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Evaluation of Analytical Modeling Functions for the Phonation Onset Process


Affiliations
1 Division of Phoniatrics and Pediatric Audiology at the Department of Otorhinolaryngology Head & Neck Surgery, University Hospital Erlangen, Medical School, Friedrich-Alexander University Erlangen-Nurnberg (FAU), Bohlenplatz 21, 91054 Erlangen, Germany
 

The human voice originates from oscillations of the vocal folds in the larynx. The duration of the voice onset (VO), called the voice onset time (VOT), is currently under investigation as a clinical indicator for correct laryngeal functionality. Different analytical approaches for computing the VOT based on endoscopic imaging were compared to determine the most reliable method to quantify automatically the transient vocal fold oscillations during VO. Transnasal endoscopic imaging in combination with a high-speed camera (8000 fps) was applied to visualize the phonation onset process. Two different definitions of VO interval were investigated. Six analytical functions were tested that approximate the envelope of the filtered or unfiltered glottal area waveform (GAW) during phonation onset. A total of 126 recordings from nine healthy males and 210 recordings from 15 healthy females were evaluated. Three criteria were analyzed to determine the most appropriate computation approach: (1) reliability of the fit function for a correct approximation of VO; (2) consistency represented by the standard deviation of VOT; and (3) accuracy of the approximation of VO. The results suggest the computation of VOT by a fourth-order polynomial approximation in the interval between 32.2 and 67.8% of the saturation amplitude of the filtered GAW.
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  • Evaluation of Analytical Modeling Functions for the Phonation Onset Process

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Authors

Simon Petermann
Division of Phoniatrics and Pediatric Audiology at the Department of Otorhinolaryngology Head & Neck Surgery, University Hospital Erlangen, Medical School, Friedrich-Alexander University Erlangen-Nurnberg (FAU), Bohlenplatz 21, 91054 Erlangen, Germany
Stefan Kniesburges
Division of Phoniatrics and Pediatric Audiology at the Department of Otorhinolaryngology Head & Neck Surgery, University Hospital Erlangen, Medical School, Friedrich-Alexander University Erlangen-Nurnberg (FAU), Bohlenplatz 21, 91054 Erlangen, Germany
Anke Ziethe
Division of Phoniatrics and Pediatric Audiology at the Department of Otorhinolaryngology Head & Neck Surgery, University Hospital Erlangen, Medical School, Friedrich-Alexander University Erlangen-Nurnberg (FAU), Bohlenplatz 21, 91054 Erlangen, Germany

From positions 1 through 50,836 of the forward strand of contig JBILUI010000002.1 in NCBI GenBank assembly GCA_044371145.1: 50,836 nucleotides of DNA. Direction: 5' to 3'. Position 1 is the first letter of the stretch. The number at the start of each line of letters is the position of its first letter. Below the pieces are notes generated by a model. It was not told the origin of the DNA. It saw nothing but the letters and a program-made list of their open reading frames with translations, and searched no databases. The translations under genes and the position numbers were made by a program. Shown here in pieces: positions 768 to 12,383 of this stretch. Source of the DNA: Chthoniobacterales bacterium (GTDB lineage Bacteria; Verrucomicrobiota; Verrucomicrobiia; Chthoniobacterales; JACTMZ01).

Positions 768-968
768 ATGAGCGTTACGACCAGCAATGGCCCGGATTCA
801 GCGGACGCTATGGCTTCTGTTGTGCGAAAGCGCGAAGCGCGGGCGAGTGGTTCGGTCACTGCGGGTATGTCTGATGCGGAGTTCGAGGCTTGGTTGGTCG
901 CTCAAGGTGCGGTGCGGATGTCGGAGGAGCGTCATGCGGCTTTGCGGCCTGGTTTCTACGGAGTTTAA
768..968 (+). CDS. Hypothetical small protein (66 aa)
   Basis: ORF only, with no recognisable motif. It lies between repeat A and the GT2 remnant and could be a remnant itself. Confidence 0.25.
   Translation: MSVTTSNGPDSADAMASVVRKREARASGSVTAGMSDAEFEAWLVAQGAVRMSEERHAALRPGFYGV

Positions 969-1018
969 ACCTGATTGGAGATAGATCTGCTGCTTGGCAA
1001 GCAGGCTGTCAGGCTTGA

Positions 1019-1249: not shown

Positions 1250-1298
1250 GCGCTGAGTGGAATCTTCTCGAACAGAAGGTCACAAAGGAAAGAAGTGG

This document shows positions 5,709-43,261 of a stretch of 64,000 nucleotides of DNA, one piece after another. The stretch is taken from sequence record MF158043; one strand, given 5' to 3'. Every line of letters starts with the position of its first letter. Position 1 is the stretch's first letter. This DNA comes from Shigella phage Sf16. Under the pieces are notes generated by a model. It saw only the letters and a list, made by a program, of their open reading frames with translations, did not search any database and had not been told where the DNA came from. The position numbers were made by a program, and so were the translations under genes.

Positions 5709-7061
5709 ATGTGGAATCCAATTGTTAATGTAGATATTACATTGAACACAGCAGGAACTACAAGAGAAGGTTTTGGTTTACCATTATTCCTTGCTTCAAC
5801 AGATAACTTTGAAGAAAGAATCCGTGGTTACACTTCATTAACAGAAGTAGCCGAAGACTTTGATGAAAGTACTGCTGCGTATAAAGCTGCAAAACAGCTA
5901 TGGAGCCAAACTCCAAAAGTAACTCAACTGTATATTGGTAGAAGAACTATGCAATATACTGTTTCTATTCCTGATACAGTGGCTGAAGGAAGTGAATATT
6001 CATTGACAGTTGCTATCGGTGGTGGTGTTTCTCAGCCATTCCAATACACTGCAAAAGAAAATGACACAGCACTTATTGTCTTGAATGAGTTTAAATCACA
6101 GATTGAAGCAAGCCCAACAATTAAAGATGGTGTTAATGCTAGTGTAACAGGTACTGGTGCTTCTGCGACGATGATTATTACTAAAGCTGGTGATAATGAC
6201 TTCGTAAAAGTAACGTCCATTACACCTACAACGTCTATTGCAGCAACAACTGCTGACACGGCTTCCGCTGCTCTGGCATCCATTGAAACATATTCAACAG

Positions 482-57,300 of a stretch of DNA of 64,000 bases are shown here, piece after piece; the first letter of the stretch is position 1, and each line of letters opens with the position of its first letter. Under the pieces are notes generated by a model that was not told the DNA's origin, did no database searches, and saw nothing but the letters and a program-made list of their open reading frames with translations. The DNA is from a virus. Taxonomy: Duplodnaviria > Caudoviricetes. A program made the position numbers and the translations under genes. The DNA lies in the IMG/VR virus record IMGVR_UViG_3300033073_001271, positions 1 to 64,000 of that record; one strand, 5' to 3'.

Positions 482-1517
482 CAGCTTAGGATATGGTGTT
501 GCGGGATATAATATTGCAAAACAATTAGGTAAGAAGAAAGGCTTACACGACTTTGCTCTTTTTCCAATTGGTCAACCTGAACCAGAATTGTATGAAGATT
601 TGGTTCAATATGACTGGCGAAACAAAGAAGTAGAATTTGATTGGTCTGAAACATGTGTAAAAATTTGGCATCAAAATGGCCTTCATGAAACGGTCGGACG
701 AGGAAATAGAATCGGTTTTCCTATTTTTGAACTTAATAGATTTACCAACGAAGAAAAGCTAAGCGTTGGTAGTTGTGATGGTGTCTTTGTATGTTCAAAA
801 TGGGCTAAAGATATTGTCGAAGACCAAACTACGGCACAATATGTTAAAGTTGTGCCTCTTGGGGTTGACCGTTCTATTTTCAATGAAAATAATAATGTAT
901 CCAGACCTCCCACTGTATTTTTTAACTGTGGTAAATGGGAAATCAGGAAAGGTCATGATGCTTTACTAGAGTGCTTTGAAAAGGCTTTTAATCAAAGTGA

Anne Schutzenberger
Division of Phoniatrics and Pediatric Audiology at the Department of Otorhinolaryngology Head & Neck Surgery, University Hospital Erlangen, Medical School, Friedrich-Alexander University Erlangen-Nurnberg (FAU), Bohlenplatz 21, 91054 Erlangen, Germany
Michael Dollinger
Division of Phoniatrics and Pediatric Audiology at the Department of Otorhinolaryngology Head & Neck Surgery, University Hospital Erlangen, Medical School, Friedrich-Alexander University Erlangen-Nurnberg (FAU), Bohlenplatz 21, 91054 Erlangen, Germany

Abstract


The human voice originates from oscillations of the vocal folds in the larynx. The duration of the voice onset (VO), called the voice onset time (VOT), is currently under investigation as a clinical indicator for correct laryngeal functionality. Different analytical approaches for computing the VOT based on endoscopic imaging were compared to determine the most reliable method to quantify automatically the transient vocal fold oscillations during VO. Transnasal endoscopic imaging in combination with a high-speed camera (8000 fps) was applied to visualize the phonation onset process. Two different definitions of VO interval were investigated. Six analytical functions were tested that approximate the envelope of the filtered or unfiltered glottal area waveform (GAW) during phonation onset. A total of 126 recordings from nine healthy males and 210 recordings from 15 healthy females were evaluated. Three criteria were analyzed to determine the most appropriate computation approach: (1) reliability of the fit function for a correct approximation of VO; (2) consistency represented by the standard deviation of VOT; and (3) accuracy of the approximation of VO. The results suggest the computation of VOT by a fourth-order polynomial approximation in the interval between 32.2 and 67.8% of the saturation amplitude of the filtered GAW.